I was finding that it was helping me to actually accept this fact and I began rebuilding my life by starting with those basics needs and ensuring they were met first in a positive way to give myself a strong foundation before tackling those needs higher up – so refocusing first on breathing (it meant I was alive) and food (sticking to a good diet), my health, and a safe secure peaceful home environment. At the same time, although it’s a little higher up, focussing on my family.

I thought that after I had healed and become strong at those basic levels, as the pain eased, I could move on to my physical, financial and emotional stability; then hopefully my social needs and regaining my self esteem. I could try to begin to move up the levels and focus on getting my finances back on track and seeking out new friendships, new interests etc, one step (or one level) at a time……  That was my theory as I grappled with the concepts of my lost previous life and my now unsure financial future.

So here I was in Canada spending time with the missing link in my family, my second son, and away from the immediacy of my life’s trauma. Why was my mind racing in turmoil again? Why couldn’t I sleep?
Then I realised I was craving that lowest level of the hierarchy, that feeling of comfort and security in routine and a sense of place. By coming over to visit my son, I had been thrown into the unfamiliar.
When all your world is travelling along merrily, when you have your home and your life companion, your finances secure, your job to give you satisfaction, and some creative outlet; then taking a break from all that by travelling and doing different things is both rewarding and exciting. Less clear is the fact that you are actually taking your basic needs, your  security with you …… that is if you travel with your soul-mate ……..because your life’s security goes with you; and you have this inner core of happiness and stability that you take with you wherever you go.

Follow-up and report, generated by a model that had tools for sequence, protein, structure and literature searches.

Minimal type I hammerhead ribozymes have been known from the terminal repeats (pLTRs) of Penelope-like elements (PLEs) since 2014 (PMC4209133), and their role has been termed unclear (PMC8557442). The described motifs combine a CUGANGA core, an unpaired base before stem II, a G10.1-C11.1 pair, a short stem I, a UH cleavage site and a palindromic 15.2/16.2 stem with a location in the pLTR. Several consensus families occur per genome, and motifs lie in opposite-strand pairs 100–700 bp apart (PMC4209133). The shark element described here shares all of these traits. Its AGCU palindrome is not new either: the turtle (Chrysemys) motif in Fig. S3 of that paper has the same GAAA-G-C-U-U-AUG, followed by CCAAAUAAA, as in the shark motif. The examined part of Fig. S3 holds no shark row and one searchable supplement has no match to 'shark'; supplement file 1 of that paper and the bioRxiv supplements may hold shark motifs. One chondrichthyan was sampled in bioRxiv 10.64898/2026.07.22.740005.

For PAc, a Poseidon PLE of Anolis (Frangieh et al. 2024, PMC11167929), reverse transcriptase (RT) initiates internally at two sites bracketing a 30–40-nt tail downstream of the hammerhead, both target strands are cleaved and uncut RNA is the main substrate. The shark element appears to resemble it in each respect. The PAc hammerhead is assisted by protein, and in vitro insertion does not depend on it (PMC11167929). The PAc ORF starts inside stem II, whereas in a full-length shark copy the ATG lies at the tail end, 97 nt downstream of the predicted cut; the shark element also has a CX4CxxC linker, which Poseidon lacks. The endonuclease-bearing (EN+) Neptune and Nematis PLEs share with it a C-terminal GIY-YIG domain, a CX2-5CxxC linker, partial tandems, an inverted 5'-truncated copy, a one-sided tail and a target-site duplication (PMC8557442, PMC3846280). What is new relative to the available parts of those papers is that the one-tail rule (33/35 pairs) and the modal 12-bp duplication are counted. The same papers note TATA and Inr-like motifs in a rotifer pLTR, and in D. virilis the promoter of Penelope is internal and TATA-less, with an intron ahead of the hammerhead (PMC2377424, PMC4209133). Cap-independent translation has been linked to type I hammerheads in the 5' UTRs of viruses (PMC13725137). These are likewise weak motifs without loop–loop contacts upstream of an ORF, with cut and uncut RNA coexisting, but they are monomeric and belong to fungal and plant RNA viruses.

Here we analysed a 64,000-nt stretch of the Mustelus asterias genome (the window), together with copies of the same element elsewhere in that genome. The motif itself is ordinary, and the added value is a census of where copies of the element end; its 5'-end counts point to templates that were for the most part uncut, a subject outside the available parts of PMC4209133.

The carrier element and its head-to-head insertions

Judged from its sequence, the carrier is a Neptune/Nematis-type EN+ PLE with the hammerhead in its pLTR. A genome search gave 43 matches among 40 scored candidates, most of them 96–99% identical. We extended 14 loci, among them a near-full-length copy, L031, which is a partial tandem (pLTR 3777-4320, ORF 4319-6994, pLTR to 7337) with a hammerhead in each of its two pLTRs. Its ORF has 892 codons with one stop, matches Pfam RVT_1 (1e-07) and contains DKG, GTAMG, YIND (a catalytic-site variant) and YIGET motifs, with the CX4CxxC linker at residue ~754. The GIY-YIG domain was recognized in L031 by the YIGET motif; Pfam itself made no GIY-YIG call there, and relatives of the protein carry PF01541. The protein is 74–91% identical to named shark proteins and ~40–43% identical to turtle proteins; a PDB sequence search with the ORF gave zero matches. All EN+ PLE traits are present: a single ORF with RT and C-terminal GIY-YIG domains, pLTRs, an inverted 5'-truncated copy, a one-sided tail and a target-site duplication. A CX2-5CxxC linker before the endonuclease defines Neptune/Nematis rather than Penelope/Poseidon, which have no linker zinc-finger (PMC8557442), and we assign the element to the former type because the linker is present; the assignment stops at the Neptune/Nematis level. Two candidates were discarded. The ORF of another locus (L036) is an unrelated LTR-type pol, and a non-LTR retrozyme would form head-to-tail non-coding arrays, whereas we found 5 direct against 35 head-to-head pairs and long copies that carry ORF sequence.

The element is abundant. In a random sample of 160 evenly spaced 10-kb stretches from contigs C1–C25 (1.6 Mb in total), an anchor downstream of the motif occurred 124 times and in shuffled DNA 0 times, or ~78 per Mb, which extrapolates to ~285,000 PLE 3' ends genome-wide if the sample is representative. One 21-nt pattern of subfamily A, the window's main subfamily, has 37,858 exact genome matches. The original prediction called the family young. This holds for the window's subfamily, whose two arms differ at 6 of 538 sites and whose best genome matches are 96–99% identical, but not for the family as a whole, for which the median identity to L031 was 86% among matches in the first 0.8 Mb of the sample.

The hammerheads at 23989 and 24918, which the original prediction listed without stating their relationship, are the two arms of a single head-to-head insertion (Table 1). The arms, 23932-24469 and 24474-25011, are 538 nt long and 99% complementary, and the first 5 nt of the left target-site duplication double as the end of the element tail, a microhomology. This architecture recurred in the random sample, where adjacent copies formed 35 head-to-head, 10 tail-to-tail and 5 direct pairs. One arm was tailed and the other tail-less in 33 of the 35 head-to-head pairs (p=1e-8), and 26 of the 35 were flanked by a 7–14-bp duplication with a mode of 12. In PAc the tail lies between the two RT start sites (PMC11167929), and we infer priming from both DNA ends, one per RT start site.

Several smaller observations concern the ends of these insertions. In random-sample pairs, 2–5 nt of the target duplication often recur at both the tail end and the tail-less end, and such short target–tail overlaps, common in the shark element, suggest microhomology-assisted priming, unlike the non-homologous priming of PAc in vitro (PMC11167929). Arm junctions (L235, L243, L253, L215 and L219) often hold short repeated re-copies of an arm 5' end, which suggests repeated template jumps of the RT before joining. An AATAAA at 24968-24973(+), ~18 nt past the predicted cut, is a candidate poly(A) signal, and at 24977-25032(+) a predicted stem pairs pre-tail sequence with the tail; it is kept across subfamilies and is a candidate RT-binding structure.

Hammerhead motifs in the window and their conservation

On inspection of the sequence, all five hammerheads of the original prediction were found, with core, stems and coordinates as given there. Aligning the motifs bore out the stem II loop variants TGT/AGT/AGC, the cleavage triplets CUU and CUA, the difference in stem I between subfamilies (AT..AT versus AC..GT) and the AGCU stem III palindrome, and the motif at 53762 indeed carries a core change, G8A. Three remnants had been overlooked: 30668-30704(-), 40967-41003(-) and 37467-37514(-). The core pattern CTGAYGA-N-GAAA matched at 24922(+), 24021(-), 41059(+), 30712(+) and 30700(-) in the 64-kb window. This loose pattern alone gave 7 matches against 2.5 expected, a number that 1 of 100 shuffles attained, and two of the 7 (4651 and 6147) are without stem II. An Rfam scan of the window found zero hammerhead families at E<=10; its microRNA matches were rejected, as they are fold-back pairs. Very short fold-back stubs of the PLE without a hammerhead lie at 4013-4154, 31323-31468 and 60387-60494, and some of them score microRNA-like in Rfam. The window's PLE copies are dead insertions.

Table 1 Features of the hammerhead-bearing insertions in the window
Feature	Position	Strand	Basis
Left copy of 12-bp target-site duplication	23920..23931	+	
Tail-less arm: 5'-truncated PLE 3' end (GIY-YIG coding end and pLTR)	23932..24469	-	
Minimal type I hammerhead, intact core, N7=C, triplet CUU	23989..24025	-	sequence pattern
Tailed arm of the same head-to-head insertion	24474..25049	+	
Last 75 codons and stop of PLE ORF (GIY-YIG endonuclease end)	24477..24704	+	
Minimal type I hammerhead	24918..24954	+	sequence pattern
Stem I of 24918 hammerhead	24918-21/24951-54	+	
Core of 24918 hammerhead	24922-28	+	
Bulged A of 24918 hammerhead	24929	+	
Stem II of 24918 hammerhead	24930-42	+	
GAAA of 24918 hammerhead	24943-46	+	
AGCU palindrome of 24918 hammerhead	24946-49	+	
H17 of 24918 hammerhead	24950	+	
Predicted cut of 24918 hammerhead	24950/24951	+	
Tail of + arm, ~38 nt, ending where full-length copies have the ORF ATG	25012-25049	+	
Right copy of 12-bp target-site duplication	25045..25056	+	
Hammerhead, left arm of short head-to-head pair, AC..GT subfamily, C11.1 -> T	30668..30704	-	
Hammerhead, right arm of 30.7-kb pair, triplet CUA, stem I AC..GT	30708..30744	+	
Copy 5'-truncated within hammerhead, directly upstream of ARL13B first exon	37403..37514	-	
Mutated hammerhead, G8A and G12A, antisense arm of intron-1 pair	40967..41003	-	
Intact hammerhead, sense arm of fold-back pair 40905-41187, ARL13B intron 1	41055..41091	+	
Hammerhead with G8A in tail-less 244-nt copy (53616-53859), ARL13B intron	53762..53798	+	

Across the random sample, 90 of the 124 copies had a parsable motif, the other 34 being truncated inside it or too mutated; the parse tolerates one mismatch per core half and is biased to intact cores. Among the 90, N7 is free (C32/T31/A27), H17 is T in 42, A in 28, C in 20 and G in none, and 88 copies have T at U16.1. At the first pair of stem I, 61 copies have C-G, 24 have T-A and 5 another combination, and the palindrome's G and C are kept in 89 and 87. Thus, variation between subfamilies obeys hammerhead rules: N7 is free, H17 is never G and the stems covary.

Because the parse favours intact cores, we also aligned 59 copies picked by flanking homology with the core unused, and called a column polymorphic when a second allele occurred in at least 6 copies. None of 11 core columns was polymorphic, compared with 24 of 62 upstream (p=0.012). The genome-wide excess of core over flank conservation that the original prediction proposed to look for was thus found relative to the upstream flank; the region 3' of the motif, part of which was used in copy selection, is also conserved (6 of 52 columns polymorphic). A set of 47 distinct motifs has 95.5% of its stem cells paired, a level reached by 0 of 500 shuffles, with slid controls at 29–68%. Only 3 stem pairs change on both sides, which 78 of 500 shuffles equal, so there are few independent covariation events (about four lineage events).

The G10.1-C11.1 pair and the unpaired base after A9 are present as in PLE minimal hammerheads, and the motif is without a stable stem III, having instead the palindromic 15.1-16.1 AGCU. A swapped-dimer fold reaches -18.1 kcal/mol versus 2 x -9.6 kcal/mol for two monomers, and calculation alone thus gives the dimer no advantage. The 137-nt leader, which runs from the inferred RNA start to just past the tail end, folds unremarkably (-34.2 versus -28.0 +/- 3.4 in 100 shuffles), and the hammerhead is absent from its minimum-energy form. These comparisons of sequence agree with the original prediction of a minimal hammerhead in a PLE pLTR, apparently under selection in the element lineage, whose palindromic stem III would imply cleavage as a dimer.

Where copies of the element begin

After a marriage collapse, that is all gone and you are left with a shell of your former self. One props oneself up with superficial pillows to ensure that one does not break. And until those pillows are taken away you do not realise how easily that fragile shell can indeed break.
This is what happened to me in those first few days I was in Vancouver. My props were gone, my home, my routine, my sense of place.
In that fragile place, sometimes it seems a little sad to do things by yourself that you would normally enjoy and so you refrain from doing things, you hold back, because there is no-one to share things with. So you have to push yourself to take that first step. The first step is the hardest. So after a few days when i decided that this emptiness feeling was silly, I pushed myself to learn to navigate my way around the bus routes through North Vancouver to Vancouver, to shopping malls, to grouse Mountain and Capilano bridge. I got myself into a little daily routine of morning activities, then go out and about, then come back via the local shops for any shopping needs and then the evening meal with my son and his girl-friend.  I cocooned myself with the same basic needs level of food – shelter – warmth – security – companionship – routine albeit that I was now in a different environment.
And — believe it or not —-  with time to myself during the days — and away from my trauma —  it was here that I began drafting my blogs in earnest and I ‘published’ my very first post soon after.
So here is where I think that maybe Maslow got it wrong. Because here I was at the very bottom of his hierarchy needs, at the very basic level of survival, with all the middle levels crumbling at my feet; and that is when I went straight to the very top level – on to self -actualization (after-all that isn’t that where all of us bloggers are?) …. and that is when I began to heal.